MILWAUKEE – Milwaukee Public Schools needs a lot of teachers and administrators to fill an anticipated 750 vacancies next fall.

stupid idea awardAnd with a miserable academic record, district officials are eager to fill many of those positions with high quality candidates.

But the district’s stupid residency rule is standing in the way. It requires new teachers and administrators to move to the district within 12 months of being hired.

The school board recently passed on a logical proposal to modify the requirement. Now a state senator wants to repeal the policy altogether so the district can get more quality teachers into classrooms, regardless of where they live.

“Only one school (district) in the state limits the pool of teachers it can hire from and that’s the Milwaukee Public School District,” said Sen. Alberta Darling, R-River Hills.

The school district residency policy was established in the 1970s as part of an effort to keep middle class families from fleeing to the suburbs and taking their property tax dollars with them.

As the Milwaukee Journal Sentinel put it, the rule has “been unpopular with many workers for years.” That means it will probably be even less popular with teaching candidates, who may choose another district where they have more personal freedom to live where they want.

Superintendent Gregory Thornton recently offered a compromise, extending the time limit for new employees to move to the district to three years.

“There’s no better way to get them here than offer them some flexibility on the front end,” Thornton said.

But a school board committee deadlocked 2-2 on his proposal, and it may not go anywhere.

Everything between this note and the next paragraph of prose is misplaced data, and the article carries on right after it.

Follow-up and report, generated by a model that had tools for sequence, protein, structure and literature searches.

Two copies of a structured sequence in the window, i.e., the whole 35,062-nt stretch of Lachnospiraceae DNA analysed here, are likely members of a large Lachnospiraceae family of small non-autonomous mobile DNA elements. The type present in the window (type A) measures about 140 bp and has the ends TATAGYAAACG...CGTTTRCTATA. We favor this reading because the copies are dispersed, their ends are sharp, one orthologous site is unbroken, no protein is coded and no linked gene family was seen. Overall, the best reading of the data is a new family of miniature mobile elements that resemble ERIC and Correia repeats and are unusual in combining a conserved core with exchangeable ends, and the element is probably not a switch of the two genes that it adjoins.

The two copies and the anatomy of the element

Luckily for the district, state lawmakers in Madison seem to care more about recruiting quality teachers for Milwaukee than the Milwaukee  board does.

Darling recently announced that she would introduce legislation to rid the Milwaukee district of the residency requirement altogether, and Gov. Scott Walker has indicated he would sign such a bill, according to the Sentinel Journal.

“They desperately need teachers there, so why are they limiting potential candidates?” Darling said.

Ironically, one supporter of the policy recently made a very good argument for overturning it.

Board member Larry Miller said extending the residency deadline by two years would “be a quick relief and a long-term quagmire” because many new employees would work in the district for two years, then take jobs in suburban schools.

Duh. The answer is clearly to dump the requirement, so more quality teachers will come and stay. That’s not so hard to wrap your brain around, is it Mr. Miller?

Comments are closed.